Personally I think that the RATE team does deserve credit for being as honest as they were about the problems with their hypotheses. Certainly, they moved the YECist position away from claiming that “evolutionists” were just throwing out results that didn’t fit their “uniformitarian presuppositions” (in effect, portraying radiometric dating as a fraudulent exercise in cherry-picking random numbers) and actually admitted that vast amounts of radioactive decay have taken place since Creation.

However, the fact remains that there are still several gaps and very questionable data handling practices in the RATE zircon study. To give just a few examples:

  • They failed to take pressure into account; their measurements of helium diffusion rates were made in a vacuum. They should have conducted additional studies to determine helium diffusion rates under pressures of ~ 200 bar to establish exactly how much pressure would have affected the results.
  • They prepared the biotite samples (biotite is the mineral in which the zircons were embedded) for analysis by crushing rather than by cutting. This would have resulted in significant helium loss, which would have inflated the rate at which they would have expected helium to diffuse out of the zircons and into the surrounding biotite, further biasing their results towards a young earth.
  • They adjusted some data taken twenty years earlier by Robert V Gentry, which they were using as a part of their analysis, by a factor of ten to account for “typographic errors.” However, they were unable to produce any laboratory notes or similar evidence to demonstrate that the data contained typographic errors in the first place. If they had any doubts about the integrity of the data, and the original lab notes had been lost, they should have discarded it and the experiments concerned should have been re-done. “Correcting” data without providing firm evidence that such “corrections” were actually warranted is fudging.
  • They misidentified the rock samples concerned because they only identified them by means of a visual inspection. Other scientific literature indicates that the samples they described as “Jemez granodiorite” were in fact gneisses; if they believed this to have been in error, they should have conducted chemical and X-ray diffraction studies to establish that this was indeed the case. Granodiorites are igneous rocks similar to granites; gneisses are metamorphic rocks that only form under much higher temperatures and pressures, indicating that the samples must have spent a significant part of their history at least 15-22 km below the surface before being subsequently uplifted. This too would have significantly affected helium retention rates.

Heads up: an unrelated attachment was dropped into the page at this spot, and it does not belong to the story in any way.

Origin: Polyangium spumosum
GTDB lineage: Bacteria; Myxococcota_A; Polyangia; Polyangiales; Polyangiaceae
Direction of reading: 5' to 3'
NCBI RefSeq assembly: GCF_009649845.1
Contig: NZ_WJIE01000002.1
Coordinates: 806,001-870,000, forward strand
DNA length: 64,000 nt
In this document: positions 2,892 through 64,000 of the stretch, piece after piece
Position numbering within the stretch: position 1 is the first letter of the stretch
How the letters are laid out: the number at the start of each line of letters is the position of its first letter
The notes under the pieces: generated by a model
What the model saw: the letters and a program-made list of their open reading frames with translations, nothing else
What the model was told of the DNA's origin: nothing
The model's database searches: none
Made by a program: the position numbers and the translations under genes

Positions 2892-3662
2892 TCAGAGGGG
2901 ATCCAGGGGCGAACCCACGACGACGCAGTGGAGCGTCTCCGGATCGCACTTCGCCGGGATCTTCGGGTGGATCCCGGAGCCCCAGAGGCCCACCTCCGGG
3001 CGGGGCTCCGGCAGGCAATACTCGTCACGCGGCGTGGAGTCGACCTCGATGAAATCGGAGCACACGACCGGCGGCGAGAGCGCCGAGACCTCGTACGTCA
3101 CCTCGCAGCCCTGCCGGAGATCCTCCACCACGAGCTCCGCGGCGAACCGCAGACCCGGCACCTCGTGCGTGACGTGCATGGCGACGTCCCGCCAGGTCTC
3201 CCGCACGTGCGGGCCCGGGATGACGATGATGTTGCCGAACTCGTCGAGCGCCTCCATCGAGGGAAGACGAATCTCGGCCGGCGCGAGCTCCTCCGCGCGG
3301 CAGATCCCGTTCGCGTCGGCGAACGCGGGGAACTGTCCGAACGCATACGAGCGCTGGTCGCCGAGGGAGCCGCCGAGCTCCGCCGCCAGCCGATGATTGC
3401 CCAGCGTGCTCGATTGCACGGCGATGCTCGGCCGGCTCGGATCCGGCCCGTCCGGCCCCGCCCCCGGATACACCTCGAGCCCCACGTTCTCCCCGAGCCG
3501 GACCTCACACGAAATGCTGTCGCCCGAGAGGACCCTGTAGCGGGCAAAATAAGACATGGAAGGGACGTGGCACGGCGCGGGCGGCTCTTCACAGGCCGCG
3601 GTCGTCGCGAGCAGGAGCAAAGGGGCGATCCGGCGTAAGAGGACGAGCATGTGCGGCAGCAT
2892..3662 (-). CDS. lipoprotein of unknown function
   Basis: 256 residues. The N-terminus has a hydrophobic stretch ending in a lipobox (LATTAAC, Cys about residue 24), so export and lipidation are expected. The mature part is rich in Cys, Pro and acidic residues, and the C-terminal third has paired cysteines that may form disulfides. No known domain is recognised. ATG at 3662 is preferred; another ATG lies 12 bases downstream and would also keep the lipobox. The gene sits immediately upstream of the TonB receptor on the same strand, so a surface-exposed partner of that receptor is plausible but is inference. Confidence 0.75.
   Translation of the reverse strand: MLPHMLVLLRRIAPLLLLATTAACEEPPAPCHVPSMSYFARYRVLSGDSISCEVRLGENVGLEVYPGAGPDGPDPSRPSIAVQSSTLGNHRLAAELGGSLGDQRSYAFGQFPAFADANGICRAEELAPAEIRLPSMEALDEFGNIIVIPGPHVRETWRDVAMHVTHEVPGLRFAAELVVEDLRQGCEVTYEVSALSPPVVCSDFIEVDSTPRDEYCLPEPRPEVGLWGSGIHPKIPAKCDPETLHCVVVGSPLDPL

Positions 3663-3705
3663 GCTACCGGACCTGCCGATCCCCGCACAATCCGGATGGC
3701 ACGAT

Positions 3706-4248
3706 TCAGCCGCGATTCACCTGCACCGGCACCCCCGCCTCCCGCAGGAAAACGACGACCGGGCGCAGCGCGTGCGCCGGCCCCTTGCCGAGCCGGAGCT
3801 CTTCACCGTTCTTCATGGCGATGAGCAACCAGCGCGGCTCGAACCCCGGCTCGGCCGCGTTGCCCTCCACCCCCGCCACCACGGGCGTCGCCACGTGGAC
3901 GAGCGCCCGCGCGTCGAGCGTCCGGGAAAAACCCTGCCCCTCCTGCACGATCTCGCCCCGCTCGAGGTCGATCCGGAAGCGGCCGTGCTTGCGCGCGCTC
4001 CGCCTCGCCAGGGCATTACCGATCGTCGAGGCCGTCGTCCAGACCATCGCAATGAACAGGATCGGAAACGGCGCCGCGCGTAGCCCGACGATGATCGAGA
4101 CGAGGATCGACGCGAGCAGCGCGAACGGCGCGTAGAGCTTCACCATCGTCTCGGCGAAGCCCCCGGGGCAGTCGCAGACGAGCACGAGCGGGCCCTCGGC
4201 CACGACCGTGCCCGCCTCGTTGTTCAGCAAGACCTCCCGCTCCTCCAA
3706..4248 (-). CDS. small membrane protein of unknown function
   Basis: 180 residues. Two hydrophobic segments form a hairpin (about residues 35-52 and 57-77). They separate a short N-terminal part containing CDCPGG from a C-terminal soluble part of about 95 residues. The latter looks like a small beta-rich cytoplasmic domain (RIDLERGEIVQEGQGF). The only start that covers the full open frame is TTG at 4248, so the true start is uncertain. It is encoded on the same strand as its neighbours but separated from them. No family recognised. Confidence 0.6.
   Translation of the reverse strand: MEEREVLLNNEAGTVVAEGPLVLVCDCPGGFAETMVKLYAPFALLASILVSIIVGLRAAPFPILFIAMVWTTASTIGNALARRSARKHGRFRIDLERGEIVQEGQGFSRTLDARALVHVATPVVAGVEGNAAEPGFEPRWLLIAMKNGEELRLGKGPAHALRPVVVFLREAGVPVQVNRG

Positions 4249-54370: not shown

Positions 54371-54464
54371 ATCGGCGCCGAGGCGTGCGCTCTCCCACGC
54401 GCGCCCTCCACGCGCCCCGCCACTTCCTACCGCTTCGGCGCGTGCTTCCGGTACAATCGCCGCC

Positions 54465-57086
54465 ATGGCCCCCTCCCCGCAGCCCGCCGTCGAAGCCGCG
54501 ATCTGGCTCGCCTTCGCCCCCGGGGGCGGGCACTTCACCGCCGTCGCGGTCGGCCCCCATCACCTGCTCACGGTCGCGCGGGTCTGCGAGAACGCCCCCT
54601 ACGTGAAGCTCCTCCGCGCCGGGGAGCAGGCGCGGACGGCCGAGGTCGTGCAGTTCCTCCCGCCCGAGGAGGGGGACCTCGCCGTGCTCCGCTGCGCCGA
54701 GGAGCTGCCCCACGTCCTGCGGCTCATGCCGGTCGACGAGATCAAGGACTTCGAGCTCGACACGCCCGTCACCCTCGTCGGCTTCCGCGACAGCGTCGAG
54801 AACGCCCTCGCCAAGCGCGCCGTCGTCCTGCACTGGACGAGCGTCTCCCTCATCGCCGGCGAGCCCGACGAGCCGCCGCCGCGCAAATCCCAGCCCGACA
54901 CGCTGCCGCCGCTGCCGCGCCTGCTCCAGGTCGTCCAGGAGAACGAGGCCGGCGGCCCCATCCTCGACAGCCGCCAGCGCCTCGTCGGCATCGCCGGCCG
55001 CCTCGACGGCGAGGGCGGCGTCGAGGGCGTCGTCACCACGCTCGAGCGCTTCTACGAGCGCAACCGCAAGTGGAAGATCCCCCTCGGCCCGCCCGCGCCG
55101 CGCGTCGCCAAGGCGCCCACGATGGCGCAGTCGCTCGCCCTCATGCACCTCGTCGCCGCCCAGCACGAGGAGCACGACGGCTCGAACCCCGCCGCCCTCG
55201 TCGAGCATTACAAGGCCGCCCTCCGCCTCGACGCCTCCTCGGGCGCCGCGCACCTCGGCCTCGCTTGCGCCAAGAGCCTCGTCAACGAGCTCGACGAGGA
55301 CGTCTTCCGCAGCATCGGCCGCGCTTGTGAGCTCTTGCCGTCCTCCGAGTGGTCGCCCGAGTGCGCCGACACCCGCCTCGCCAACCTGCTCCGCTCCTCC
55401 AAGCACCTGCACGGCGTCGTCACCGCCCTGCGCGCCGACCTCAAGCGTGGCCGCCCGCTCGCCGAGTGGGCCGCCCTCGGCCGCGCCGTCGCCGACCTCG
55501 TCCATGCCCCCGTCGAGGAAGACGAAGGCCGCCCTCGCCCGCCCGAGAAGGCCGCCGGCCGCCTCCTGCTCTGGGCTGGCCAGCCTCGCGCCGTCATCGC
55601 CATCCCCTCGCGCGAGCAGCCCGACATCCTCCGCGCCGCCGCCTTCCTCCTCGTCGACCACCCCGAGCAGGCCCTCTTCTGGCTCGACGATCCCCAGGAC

(For more information, see the review by Kevin Henke on Talk Origins.)

Now to be fair, these problems were not necessarily intentional deception; they may have just been inadvertent mistakes or the result of budgetary constraints. However, they were picked up by reviewers and do need to be adequately addressed before they can legitimately claim to have a case. These are serious flaws in their methodology that totally undermine the validity and credibility of their research.

The RATE team’s responses to critique have been far from satisfactory as far as I can see. They dismissed the critiques of their study as “a mountain of minutiae” claiming that they would only affect the results by “a factor of two or so” or “an order of magnitude or so.” However, to the best of my knowledge they have provided no calculations or other evidence whatsoever to demonstrate that the objections really were as trivial as they were making them out to be, nor that the errors would indeed cancel each other out as they supposed. In any case, “a factor of two or so” and “an order of magnitude or so” are already significantly larger than the error bars in the stated result of 6,000±2,000 years, so the stated error in their final conclusion is already wrong even if they did.


That’s worth repeating.


Some credit may be due for acknowledging that mainstream science is not just fraudulently cherry-picking radiometric data, and that the RATE model requires “miraculous” periods of accelerated decay to fit into a YEC timeframe.

Nevertheless, the project has been trumpeted as “incredible physical evidence that supports what the Bible says about the young age of the earth”. This is misleading, because its the lack of physical evidence which means their model requires miracles.

Also, RATE argued that residual C14 means objects conventionally thought to be very old are in fact very young. Isn’t this completely contradicted by the idea of accelerated decay, which should mean we find no residual C14?


We should just read the report carefully and quote it to people when they claim this.

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The levels of carbon-14 are consistent with known, measured, and well-studied levels of contamination. I covered that here: